Germany has banned the neo-Nazi group Combat 18 and raided the homes of its leading members across the country, the Interior Ministry said on Thursday.
Two hundred officers seized phones, laptops, weapon-related objects, clothing and Nazi relics, the ministry said in a statement.
Last year, Walter Luebcke, a senior local conservative politician known for pro-migrant views, was shot dead, and a man believed to be a far-right sympathizer was arrested on suspicion of murdering him.
Germany was also shocked when two people were shot dead last year near a synagogue in Halle in eastern Germany, while two years ago leaders of the neo-Nazi group NSU were convicted of killing immigrants in a spree that lasted years.
“Today’s ban gives a clear signal: right extremism and antisemitism have no place in our society,” Interior Minister Horst Seehofer said in a statement.
“The terror attacks of the NSU, the terrible murder of Walter Luebcke and the act of terror in Halle last year have given us a brutal illustration of the real danger that right-wing extremism poses to our free society,” he added.
Combat 18 originated in Britain in the early 1990s. Regional interior ministers in Germany have been calling for a ban for at least a year.
Neo-Nazi graffiti was discovered outside a synagogue in Wellington, the capital of New Zealand.
Yellow swastikas were spray-painted on and near Temple Sinai, also known as the Wellington Jewish Progressive Congregation. The word “Heil” was also painted.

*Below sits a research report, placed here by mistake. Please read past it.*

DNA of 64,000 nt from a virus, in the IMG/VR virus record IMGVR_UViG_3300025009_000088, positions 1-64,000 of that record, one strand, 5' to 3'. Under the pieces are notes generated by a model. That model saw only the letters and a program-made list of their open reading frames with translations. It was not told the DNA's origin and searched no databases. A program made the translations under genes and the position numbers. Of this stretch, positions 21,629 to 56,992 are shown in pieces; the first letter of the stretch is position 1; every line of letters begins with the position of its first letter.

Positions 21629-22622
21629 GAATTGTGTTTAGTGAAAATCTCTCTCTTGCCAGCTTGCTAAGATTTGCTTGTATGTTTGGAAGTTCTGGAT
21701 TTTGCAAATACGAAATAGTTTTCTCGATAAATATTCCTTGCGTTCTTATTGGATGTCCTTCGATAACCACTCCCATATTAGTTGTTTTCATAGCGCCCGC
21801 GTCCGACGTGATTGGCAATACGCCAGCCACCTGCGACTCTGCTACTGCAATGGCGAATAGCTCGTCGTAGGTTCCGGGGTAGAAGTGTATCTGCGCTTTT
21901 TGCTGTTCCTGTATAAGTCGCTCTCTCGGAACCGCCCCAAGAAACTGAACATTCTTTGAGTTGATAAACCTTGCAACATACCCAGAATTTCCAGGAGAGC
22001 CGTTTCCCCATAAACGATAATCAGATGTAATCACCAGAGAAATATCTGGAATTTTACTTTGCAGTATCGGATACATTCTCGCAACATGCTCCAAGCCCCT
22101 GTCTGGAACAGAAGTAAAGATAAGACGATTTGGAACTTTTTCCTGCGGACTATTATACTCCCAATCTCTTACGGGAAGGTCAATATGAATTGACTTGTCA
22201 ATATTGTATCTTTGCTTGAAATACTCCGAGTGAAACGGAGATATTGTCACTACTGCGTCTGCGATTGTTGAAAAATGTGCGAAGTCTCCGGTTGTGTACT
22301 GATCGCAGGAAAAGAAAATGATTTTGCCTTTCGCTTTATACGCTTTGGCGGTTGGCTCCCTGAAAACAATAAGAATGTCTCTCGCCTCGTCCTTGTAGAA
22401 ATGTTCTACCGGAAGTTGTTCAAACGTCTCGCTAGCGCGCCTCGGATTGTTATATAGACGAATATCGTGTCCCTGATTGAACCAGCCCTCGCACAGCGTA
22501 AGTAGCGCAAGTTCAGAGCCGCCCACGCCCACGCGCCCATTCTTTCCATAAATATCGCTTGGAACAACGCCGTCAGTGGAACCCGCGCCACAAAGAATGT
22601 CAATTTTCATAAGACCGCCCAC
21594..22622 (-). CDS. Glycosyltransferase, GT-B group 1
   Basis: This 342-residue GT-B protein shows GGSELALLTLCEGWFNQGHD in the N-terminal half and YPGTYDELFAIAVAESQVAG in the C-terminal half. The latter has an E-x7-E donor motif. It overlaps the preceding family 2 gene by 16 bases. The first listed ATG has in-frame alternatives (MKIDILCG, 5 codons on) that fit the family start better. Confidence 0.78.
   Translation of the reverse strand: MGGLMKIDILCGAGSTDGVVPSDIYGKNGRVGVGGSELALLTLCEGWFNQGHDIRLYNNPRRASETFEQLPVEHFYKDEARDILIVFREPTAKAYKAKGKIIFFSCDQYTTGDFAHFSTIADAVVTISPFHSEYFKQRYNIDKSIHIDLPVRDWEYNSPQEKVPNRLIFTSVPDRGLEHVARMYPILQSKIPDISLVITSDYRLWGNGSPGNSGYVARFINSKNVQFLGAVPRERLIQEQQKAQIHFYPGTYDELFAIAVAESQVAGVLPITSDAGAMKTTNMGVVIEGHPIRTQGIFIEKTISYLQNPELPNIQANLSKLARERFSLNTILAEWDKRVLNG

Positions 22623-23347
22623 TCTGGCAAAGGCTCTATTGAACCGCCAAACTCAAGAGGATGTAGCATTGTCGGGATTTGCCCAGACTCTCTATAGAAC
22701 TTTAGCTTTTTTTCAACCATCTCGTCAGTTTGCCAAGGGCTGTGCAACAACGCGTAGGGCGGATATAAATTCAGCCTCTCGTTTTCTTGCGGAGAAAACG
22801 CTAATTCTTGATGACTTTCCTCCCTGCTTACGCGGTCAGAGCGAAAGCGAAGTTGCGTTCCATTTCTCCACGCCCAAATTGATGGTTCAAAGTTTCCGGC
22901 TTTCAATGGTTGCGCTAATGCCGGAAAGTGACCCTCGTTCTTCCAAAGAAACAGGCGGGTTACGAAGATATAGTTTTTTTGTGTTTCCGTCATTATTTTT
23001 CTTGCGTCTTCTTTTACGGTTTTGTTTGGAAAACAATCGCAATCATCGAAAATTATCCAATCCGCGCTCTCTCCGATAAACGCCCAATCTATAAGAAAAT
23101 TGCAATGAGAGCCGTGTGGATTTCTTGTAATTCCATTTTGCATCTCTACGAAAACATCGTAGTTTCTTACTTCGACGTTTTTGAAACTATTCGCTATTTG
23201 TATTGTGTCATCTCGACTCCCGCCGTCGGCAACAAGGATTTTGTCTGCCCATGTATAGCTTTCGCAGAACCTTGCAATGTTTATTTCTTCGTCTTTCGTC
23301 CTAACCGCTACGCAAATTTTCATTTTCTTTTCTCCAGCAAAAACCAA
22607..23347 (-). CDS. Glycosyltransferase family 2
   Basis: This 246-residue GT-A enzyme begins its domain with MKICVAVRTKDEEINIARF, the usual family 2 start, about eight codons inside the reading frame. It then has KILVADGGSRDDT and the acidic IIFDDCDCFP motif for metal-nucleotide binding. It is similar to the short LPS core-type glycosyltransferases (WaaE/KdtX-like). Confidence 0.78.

“One swastika was painted on the synagogue, one on a nearby fence and several others on the footpath and a fence on The Terrace,” a Wellington City Council spokesperson told Newshub. “People looking after the synagogue were able to paint over the swastika really quickly before the council got there to help.”
Temple Sinai chair Matthew Smith told New Zealand Media and Entertainment, “Events in New Zealand over the past year and beyond have left us with a sense of insecurity and vulnerability. I’m upset by it and outraged by it—that we are targeted like that—but at the same time I’m not entirely surprised.”
The graffiti comes as Israel holds the Fifth World Holocaust Forum and will commemorate on Jan. 23 the 75th anniversary of the liberation of the Auschwitz concentration and extermination camp. New Zealand did not send any representatives to the event.